Rosalyn Carson-DeWitt, MD
What is Angina Pectoris?
Angina is pain or discomfort in the chest. It often has a squeezing or pressure-like feel. This discomfort can also be felt in the shoulders, arms, neck, jaws, or back. Anginal pain usually lasts for no more than 2-10 minutes. It is relieved by rest or
Types of angina include:
Angina is usually a sign of
coronary artery disease
(CAD). It occurs when the blood vessels leading to your heart are narrowed or blocked. The blockage decreases the blood and oxygen flow to your heart. When your heart is deprived of oxygen, you will feel chest pain and other symptoms.
Angina occurs when your heart's need for blood and oxygen is increased by:
Stable angina becomes unstable when symptoms:
This type of angina is usually caused by a spasm of a heart vessel. It may indicate that you have one of the following conditions:
Major risk factors for CAD include the following:
Other risk factors for CAD:
The likelihood of a
when chest discomfort is severe, lasts more than 15 minutes, and is accompanied by other symptoms, such as:
Tests will be done right away to see if you are having an episode of angina or a heart attack. If you have a stable pattern of angina, other tests may be done to determine the extent of your disease. The test results will help to create a treatment plan.
The doctor will ask about your symptoms and medical history. A physical exam will be done.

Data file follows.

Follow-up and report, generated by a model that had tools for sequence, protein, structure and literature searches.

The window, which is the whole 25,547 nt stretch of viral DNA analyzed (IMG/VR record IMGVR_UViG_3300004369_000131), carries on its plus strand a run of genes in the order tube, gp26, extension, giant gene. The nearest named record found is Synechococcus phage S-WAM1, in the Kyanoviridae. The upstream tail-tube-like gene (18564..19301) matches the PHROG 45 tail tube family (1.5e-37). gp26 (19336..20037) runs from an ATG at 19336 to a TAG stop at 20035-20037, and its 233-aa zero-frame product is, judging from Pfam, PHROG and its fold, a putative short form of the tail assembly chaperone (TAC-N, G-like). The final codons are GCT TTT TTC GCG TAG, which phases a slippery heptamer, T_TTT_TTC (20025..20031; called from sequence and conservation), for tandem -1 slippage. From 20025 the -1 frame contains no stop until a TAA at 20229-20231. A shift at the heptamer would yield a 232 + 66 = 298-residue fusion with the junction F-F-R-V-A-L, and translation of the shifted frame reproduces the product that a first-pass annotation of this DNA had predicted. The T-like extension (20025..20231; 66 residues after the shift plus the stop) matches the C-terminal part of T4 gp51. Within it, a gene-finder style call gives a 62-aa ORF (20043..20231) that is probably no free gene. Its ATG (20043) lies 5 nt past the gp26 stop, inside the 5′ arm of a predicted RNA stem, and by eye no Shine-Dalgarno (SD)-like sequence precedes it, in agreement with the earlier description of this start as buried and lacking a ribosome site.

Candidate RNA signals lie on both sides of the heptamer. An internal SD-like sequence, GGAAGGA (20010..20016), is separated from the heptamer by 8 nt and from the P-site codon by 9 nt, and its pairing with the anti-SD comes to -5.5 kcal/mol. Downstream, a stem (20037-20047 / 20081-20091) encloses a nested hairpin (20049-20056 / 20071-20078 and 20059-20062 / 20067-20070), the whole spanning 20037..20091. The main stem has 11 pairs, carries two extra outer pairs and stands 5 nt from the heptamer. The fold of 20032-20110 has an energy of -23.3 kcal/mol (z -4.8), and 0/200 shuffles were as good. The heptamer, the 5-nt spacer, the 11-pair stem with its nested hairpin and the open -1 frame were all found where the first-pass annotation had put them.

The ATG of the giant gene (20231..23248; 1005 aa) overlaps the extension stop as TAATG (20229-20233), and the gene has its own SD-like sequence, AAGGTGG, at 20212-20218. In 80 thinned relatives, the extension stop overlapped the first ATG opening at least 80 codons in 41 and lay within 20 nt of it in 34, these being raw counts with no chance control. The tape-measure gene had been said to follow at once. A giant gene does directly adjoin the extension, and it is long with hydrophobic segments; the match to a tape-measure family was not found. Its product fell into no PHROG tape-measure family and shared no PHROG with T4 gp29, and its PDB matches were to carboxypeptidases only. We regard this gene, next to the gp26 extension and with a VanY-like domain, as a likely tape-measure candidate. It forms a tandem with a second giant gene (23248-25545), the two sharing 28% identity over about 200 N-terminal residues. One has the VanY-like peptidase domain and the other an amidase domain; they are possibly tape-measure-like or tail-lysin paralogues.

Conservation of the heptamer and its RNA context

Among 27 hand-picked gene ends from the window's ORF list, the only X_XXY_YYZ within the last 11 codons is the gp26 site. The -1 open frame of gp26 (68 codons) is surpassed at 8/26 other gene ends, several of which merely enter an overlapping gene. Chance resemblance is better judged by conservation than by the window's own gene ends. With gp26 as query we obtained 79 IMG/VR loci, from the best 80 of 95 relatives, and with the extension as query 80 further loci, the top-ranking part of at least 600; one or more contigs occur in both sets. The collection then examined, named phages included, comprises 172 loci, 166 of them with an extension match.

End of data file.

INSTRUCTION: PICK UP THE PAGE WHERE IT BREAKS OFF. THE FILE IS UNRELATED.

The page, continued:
Tests may include:
Treatments for angina include:
Patients with severe angina or unstable, progressing angina may benefit from:
If you already have angina, you can
prevent an onset
by being aware of what starts it.
If you don't have angina, preventing the development of CAD may reduce your chance of getting the condition.
Steps to prevent CAD include managing risk factors:
American Academy of Family Physicians
American Heart Association
National Heart Lung and Blood Institute
Canadian Cardiovascular Society
Colege of Family Physicians of Canada
Angina. EBSCO Health Library website. Available at:
http://www.ebscohost.com/healthLibrary/. Updated November 2, 2012. Accessed November 2, 2012.
Angina. EBSCO Natural and Alternative Treatments website. Available at:
http://www.ebscohost.com/healthLibrary/. Updated July 2012. Accessed November 2, 2012.
Dickstein K, Kjekshus J. Effects of losartan and captopril on mortality and morbidity in high-risk patients after acute myocardial infarction: the OPTIMAAL randomised trial.
Lopez-Sendon J, Swedberg K, et al. Expert consensus document on angiotensin converting enzyme inhibitors in cardiovascular disease. The Task Force on ACE-inhibitors of the European Society of Cardiology.
Eur Heart J. 2004;25:1454.
Reenan J. Clinical Pearl: Indications for bypass surgery. American Medical Association website. Available at:
http://virtualmentor.ama-assn.org/2004/02/cprl1-0402.html. Accessed November 2, 2012.
What is angina? National Heart Lung and Blood Institute website. Available at:
http://www.nhlbi.nih.gov/health/health-topics/topics/angina/. Accessed November 2, 2012.
7/14/2006 DynaMed's Systematic Literature Surveillance. Available at:
http://dynamed.ebscohost.com/about/about-us: Andreotti F, Testa L, et al. Aspirin plus warfarin compared to aspirin alone after acute coronary syndromes: an updated and comprehensive meta-analysis of 25,307 patients.
Eur Heart J. 2006;27:519-26.
Last reviewed September 2013 by Michael J. Fucci, DO
Please be aware that this information is provided to supplement the care provided by your physician. It is neither intended nor implied to be a substitute for professional medical advice. CALL YOUR HEALTHCARE PROVIDER IMMEDIATELY IF YOU THINK YOU MAY HAVE A MEDICAL EMERGENCY. Always seek the advice of your physician or other qualified health provider prior to starting any new treatment or with any questions you may have regarding a medical condition.
Copyright © EBSCO Publishing. All rights reserved.